Yet Another Reason to End the War on Drugs: It's Fueling HIV/AIDS


Politicians, activists, scientists, and at least one Rocket Man are flocking to D.C. this week for the 19th International AIDS Conference. The biannual conference, hosted in the US for the first time in 22 years, will surely bring about countless speeches, tons of scienctific reports, and one giant blanket. But if the summit is to be successful, leaders must realize that winning the battle against AIDS can't happen until we end the War on Drugs.

The World Health Organization estimates that over 33 million people worldwide are living with HIV. And according to the Global Commission on Drug Policy, while we've seen dropping numbers of fatal cases since the first case was reported over 30 years ago, several countries have seen "devastating consequences" as a result of certain draconian policies. 

Outside of Sub-Saharan Africa, injection drug use is responsible for a third of all new infections. The statistics are particularly terrible in countries boasting harsh anti-drug laws. In Russia, for instance, the majority of state funding goes towards law enforcement, rather than treatment programs. As a result, we see handcuff happy cops focusing on filling up arrest quotas instead of putting injecting drug users in rehab. Fear of arrest keeps addicts away from HIV testing and prevention services, perpetuating spread of the virus. And the story isn't that much different back here in the US.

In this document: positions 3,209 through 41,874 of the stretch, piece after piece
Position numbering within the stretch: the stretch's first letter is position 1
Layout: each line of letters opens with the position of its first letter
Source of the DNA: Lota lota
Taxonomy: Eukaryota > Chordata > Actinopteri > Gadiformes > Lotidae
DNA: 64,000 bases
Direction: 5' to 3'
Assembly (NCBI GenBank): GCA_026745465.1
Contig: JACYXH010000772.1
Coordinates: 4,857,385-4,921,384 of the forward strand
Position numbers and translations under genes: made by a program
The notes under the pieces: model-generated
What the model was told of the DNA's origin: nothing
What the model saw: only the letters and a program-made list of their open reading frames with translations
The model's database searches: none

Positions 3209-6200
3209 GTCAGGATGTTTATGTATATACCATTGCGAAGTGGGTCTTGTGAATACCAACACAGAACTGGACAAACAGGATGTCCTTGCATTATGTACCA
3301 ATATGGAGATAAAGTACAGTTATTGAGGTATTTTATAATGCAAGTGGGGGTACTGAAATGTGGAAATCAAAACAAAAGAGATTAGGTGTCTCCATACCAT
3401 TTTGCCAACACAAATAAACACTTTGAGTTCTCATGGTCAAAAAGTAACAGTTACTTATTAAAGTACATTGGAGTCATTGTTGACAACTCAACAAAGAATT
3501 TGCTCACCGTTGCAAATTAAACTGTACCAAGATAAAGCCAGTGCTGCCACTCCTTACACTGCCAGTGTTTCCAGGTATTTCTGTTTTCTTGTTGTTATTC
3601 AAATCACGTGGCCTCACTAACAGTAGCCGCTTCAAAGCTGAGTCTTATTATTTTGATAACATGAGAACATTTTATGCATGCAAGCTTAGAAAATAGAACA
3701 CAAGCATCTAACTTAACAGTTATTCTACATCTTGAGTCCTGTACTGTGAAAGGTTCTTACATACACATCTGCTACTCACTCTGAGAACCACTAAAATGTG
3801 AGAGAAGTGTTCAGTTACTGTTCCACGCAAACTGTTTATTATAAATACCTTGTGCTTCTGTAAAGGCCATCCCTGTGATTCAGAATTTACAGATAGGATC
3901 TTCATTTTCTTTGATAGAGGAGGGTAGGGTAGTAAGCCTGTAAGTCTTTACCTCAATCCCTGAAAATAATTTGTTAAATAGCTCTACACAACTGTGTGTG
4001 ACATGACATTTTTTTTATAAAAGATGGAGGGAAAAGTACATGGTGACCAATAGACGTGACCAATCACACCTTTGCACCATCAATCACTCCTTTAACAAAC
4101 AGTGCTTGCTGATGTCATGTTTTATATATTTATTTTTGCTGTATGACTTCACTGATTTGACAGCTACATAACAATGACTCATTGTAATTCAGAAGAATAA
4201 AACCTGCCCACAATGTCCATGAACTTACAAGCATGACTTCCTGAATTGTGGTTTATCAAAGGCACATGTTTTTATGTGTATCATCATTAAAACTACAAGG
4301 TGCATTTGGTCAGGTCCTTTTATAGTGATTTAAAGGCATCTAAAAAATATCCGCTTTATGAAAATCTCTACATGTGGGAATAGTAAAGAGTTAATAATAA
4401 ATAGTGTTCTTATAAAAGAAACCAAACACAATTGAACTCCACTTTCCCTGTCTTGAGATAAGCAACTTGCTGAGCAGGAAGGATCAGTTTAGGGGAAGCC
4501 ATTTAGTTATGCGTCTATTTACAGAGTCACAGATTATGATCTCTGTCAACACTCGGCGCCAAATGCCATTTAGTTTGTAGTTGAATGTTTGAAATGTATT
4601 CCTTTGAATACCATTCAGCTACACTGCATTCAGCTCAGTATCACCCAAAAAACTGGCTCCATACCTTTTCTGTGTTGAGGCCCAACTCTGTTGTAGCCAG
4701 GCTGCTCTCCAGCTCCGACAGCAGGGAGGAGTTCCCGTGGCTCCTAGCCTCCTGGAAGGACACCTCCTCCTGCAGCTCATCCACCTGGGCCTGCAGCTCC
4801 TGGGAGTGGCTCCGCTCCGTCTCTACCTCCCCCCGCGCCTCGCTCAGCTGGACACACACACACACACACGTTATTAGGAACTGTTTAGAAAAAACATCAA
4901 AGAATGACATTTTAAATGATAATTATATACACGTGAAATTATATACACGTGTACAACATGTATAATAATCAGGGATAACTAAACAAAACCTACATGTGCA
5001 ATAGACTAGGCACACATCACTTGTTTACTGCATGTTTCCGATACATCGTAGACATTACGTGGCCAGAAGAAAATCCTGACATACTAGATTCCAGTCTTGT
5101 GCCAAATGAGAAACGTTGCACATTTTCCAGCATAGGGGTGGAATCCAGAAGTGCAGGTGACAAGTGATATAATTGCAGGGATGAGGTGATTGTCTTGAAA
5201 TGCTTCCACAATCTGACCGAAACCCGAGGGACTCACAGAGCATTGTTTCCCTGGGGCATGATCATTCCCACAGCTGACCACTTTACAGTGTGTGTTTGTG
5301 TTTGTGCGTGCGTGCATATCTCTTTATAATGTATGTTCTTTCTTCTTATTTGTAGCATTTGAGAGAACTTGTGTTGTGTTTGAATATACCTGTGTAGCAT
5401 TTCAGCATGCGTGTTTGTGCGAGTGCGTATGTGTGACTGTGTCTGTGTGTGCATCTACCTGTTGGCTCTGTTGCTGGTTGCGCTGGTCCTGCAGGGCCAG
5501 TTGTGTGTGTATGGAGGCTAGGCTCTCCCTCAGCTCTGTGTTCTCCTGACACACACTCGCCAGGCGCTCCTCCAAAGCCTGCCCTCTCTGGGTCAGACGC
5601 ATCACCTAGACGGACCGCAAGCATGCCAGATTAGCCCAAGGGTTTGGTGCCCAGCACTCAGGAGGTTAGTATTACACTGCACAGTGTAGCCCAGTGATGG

"It is so clear now that there is a relation between repressive drug policies and the spread of HIV/AIDS," said former Colombian president Cesar Gaviria. He's right. Fear of punishment steers abusers away from the help they need. Restriction on sterile syringe programs leads to increased needle sharing. Funds are thrown away on ineffective drug enforcement policies rather than treatment methods that actually work.

Forcing addicts into hiding won't stop AIDS. Neither will pushing laws that continue to view addiction as a crime. For the nineteenth time, leaders from across the globe will come together at the International AIDS Conference, hoping to find a solution that sticks. Well, here's one that just might work: Want to end AIDS? Then you better end the War on Drugs.